Have realistic expectations

Children aren’t all the same. They’re individuals with their own personalities. Even kids of the same age develop at different rates. So it’s important that you, as a parent, don’t expect more – or less – of your child than he or she is capable of doing.

It’s also important to remember that nobody’s perfect. Not your kids and not you.

If you expect your child will always be polite, happy or cooperative, you will be disappointed. Kids do make mistakes, but most mistakes aren’t intentional. It’s okay to let your child try and fail.

And don’t forget to go easy on yourself, too. You probably want to be the very best parent ever to have children. But that’s not realistic. You are human. You will make mistakes. Don’t get too frustrated or upset. Everyone learns through experience.

Take care of yourself

Parenting is so much easier when you make time for yourself. It’s about getting the balance right!

Of course, raising children is a time-consuming job. It can seem to take over your whole life. But you have to look after your own needs too.

So make sure you get support from friends or family. Do something you enjoy that doesn’t involve the kids. Maybe even spend a little time alone! And try to work as a team with your partner, if you can.

Look after yourself and you’ll feel more patient and calm when your child needs you. And you’ll feel better about being a mum or dad.

Reference: www.triplep_parenting.net (2014)

Disclaimer

The material on this website is offered as general and helpful information to parents. It is not intended to replace clinical advice or to provide comprehensive information or strategies to deal with all situations that could arise during parenting.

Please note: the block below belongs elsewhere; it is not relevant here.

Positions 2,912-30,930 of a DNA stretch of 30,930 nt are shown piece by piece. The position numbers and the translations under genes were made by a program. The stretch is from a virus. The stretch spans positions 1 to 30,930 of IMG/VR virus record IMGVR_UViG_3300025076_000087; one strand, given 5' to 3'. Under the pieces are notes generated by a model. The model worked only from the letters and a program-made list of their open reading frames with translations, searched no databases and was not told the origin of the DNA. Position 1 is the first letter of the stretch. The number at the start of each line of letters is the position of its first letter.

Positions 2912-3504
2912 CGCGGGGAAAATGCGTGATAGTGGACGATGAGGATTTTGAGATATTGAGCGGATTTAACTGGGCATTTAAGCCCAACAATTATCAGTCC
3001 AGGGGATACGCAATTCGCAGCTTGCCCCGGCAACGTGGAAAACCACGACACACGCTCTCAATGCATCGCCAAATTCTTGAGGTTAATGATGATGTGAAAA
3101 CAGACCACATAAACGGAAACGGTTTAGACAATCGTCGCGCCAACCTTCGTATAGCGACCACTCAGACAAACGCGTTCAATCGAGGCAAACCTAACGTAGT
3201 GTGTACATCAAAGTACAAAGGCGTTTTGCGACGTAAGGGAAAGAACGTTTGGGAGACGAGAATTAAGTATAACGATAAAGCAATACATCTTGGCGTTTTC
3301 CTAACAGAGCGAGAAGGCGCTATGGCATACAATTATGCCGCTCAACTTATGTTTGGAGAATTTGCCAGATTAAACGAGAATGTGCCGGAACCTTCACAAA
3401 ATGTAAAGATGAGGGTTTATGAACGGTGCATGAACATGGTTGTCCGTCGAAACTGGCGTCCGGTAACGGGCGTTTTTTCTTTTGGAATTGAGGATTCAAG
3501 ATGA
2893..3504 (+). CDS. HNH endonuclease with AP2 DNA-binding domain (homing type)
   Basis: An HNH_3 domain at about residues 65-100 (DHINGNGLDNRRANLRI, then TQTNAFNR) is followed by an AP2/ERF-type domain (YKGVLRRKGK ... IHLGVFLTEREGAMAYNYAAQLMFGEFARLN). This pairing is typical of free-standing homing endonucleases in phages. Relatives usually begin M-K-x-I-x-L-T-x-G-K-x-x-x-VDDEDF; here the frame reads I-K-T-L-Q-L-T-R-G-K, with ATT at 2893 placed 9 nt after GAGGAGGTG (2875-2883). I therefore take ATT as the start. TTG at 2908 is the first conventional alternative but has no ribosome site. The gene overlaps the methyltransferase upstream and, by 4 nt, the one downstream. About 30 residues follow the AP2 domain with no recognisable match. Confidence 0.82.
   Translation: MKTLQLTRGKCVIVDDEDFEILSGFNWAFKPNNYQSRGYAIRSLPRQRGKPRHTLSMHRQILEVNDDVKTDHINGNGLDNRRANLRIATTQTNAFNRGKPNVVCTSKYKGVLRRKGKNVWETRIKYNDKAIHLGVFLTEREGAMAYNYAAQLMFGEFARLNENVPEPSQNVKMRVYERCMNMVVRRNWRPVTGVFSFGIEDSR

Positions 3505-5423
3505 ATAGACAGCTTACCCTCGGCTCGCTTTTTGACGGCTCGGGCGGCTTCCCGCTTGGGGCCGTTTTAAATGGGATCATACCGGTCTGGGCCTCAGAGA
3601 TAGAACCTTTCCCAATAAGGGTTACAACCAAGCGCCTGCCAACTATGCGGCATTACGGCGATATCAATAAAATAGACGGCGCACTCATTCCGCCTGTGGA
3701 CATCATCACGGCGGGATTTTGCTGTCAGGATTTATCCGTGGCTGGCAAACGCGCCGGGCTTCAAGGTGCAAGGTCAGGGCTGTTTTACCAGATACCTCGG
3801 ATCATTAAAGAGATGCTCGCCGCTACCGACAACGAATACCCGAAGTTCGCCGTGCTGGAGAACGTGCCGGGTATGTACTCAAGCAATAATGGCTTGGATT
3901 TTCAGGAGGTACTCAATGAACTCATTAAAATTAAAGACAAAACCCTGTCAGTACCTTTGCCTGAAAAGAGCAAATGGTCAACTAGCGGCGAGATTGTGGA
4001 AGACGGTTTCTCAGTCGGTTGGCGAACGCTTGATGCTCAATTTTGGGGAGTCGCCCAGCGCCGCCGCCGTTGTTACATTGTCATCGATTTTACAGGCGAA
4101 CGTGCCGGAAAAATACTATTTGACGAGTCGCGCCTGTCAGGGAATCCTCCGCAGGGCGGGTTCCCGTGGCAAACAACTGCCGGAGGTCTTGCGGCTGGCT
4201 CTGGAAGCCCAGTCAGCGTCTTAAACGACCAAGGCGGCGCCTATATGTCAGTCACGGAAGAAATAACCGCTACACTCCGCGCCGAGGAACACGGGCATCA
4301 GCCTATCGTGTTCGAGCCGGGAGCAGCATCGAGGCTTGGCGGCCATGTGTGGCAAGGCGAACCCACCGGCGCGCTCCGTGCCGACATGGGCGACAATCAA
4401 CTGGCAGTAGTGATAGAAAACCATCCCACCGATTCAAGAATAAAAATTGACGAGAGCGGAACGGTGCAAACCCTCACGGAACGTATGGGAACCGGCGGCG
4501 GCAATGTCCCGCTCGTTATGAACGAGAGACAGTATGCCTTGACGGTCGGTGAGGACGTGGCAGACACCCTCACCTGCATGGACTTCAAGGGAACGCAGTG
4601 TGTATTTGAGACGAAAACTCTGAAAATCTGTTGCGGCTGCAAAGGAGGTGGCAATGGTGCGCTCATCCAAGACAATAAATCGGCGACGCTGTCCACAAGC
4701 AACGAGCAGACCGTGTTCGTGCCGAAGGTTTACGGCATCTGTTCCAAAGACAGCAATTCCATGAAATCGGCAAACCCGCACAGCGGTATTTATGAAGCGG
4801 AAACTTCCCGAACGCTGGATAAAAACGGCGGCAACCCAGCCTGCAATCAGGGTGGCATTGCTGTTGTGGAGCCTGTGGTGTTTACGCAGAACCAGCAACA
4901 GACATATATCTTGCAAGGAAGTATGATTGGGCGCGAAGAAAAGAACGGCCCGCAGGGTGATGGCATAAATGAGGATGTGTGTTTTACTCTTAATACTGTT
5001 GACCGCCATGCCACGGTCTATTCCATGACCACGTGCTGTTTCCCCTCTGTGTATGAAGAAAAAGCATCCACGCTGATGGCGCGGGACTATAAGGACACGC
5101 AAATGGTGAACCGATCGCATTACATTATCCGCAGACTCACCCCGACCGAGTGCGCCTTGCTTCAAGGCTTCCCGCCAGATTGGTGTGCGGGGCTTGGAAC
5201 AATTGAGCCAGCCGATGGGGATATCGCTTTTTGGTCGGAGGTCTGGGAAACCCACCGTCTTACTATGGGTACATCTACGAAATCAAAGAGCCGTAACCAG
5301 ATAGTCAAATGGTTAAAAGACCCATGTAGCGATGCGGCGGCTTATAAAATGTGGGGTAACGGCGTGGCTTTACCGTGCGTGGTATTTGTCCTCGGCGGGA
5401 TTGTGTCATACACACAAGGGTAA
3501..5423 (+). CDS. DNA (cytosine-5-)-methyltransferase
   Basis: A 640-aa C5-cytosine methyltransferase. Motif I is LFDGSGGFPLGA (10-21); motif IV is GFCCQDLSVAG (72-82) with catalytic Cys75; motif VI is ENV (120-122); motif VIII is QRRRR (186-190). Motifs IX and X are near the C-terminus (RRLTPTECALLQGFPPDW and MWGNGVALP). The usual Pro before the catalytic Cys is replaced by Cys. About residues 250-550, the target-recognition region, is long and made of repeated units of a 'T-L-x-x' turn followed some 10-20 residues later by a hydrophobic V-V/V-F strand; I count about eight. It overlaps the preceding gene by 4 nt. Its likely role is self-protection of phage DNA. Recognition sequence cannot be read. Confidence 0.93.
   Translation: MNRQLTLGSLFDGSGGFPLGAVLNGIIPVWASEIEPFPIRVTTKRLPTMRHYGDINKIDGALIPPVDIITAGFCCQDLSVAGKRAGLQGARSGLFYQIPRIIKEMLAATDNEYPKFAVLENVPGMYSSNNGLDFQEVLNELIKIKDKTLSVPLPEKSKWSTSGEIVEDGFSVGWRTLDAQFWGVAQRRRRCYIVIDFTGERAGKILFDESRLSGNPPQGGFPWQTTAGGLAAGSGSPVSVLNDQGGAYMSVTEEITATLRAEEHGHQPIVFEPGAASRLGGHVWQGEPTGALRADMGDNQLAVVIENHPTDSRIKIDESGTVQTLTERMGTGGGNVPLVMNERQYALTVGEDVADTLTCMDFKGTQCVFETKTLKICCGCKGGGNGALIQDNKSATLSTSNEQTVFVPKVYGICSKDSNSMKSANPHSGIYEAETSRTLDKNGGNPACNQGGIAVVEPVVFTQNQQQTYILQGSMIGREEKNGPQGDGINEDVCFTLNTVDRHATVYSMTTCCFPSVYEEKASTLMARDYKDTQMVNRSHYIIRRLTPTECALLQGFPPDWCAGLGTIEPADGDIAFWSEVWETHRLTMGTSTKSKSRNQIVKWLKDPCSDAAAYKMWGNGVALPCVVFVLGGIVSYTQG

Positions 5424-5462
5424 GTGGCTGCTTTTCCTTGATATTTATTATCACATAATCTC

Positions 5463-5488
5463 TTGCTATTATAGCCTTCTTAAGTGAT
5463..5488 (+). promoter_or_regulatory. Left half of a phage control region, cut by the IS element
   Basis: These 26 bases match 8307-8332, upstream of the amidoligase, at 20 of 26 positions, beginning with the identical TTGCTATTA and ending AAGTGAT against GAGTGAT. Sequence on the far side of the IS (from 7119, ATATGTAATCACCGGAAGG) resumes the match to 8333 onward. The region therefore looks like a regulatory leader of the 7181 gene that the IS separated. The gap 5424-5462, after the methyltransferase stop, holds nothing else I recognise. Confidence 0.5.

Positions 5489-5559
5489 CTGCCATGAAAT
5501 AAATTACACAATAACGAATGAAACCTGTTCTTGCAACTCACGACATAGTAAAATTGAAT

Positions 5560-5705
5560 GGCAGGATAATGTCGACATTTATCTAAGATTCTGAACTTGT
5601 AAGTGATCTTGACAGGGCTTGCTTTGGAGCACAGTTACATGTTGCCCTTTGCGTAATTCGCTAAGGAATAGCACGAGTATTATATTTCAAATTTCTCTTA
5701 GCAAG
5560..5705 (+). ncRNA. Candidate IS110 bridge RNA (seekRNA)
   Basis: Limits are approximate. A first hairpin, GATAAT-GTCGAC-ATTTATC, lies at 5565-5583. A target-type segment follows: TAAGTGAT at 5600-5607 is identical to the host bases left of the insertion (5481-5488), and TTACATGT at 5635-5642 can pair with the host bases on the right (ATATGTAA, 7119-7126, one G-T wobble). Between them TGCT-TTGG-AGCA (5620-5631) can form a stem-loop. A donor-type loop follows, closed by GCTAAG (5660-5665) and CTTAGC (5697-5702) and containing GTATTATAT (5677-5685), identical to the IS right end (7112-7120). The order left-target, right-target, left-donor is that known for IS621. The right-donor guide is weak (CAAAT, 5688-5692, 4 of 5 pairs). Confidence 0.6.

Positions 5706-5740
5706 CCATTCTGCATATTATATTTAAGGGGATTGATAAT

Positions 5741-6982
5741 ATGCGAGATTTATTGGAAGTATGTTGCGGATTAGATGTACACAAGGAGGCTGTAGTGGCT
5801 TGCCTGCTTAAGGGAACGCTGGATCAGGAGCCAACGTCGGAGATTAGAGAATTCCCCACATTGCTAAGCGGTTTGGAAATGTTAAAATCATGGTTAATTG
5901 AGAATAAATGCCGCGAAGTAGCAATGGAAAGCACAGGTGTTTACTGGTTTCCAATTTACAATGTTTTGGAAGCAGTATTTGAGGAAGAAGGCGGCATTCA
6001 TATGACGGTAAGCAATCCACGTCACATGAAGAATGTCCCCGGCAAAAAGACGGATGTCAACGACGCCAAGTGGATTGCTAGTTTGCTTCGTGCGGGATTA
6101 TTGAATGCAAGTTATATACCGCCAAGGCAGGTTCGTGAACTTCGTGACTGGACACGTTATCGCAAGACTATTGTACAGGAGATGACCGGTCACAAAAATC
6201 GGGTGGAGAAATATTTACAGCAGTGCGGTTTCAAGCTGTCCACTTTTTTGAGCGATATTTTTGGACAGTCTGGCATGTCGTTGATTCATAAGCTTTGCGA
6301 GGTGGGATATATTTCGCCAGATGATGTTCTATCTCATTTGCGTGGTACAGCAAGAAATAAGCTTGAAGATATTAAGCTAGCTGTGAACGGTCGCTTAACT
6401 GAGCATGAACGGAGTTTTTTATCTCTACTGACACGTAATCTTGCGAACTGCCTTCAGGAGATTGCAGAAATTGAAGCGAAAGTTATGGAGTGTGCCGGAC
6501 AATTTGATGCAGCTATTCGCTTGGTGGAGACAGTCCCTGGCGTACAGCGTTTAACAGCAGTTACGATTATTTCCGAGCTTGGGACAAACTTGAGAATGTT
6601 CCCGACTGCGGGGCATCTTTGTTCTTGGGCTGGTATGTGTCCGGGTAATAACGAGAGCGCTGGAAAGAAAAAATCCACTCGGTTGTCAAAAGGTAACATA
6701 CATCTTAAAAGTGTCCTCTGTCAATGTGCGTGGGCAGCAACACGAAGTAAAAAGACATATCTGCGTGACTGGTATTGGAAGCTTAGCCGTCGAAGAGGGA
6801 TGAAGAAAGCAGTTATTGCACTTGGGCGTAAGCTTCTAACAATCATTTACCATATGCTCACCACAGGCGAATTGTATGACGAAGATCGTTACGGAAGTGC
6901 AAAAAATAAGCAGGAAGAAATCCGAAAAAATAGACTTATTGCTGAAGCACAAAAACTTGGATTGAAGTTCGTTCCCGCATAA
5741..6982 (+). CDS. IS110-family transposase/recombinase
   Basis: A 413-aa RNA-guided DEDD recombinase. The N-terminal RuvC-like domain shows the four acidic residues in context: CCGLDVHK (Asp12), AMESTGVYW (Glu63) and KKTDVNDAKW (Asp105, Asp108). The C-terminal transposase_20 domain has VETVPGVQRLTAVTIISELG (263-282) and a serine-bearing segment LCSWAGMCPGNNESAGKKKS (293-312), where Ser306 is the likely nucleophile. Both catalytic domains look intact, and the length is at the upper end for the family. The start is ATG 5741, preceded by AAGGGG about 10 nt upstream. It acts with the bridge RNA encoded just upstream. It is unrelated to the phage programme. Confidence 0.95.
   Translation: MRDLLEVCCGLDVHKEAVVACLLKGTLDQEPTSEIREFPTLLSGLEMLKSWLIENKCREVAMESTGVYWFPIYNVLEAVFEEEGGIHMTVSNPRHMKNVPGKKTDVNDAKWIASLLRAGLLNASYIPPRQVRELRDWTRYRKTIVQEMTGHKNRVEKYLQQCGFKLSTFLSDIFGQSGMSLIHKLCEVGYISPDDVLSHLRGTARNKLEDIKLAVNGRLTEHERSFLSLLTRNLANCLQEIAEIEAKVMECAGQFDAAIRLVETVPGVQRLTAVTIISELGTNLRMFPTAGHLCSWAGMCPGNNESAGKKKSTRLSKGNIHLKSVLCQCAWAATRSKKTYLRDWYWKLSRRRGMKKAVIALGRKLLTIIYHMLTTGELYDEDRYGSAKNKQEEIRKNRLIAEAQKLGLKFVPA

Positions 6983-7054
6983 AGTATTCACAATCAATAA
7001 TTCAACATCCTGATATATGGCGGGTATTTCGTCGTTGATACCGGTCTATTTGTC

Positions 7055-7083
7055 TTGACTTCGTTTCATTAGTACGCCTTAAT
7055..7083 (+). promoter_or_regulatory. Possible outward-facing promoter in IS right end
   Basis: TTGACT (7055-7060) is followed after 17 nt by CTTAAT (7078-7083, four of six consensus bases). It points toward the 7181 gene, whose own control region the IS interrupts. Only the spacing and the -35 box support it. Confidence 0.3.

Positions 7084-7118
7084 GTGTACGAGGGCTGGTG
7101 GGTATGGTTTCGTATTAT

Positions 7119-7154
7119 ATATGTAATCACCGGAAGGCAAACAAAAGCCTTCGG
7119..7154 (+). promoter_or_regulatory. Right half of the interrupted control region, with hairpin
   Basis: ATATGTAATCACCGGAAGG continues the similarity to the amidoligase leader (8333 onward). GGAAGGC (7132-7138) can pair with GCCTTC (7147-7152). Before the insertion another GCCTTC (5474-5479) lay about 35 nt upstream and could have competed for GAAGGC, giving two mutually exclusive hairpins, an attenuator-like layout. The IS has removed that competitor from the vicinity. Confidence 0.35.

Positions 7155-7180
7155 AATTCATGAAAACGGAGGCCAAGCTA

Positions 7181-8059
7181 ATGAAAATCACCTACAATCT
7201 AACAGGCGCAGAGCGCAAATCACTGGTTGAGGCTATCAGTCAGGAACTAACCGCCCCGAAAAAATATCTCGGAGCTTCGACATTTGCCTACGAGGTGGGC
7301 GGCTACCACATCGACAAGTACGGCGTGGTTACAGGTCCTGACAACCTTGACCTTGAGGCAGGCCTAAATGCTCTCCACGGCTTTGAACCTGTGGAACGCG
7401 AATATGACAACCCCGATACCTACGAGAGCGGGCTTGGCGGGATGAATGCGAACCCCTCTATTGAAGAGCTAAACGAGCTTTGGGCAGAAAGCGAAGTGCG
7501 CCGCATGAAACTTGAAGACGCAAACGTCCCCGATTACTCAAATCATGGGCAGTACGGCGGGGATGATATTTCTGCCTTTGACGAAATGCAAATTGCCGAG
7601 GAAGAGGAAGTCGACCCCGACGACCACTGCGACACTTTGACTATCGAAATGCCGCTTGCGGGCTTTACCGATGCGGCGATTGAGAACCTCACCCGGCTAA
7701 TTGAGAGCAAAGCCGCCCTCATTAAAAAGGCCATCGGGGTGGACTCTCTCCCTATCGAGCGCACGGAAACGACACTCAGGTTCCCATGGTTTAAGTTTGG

The Triple P – Positive Parenting Program® is an effective, practical approach to raising children. It is based on the development of strong nurturing relationships, and aims to prevent behavioural and emotional problems in children. Triple P is supported by a body of evidence that shows its efficacy with many families in many different cultures and situations. Various factors may affect whether a Triple P programme is effective with a particular child, including the child’s age, and developmental level, the child’s setting/environment, and the parent’s skill and persistence in applying the programme.

Children who exhibit signs of dangerous behaviour, to either themselves or others, should be referred to a qualified professional. Parents with children currently under the supervision of a professional are encouraged to discuss their participation in Triple P with that professional.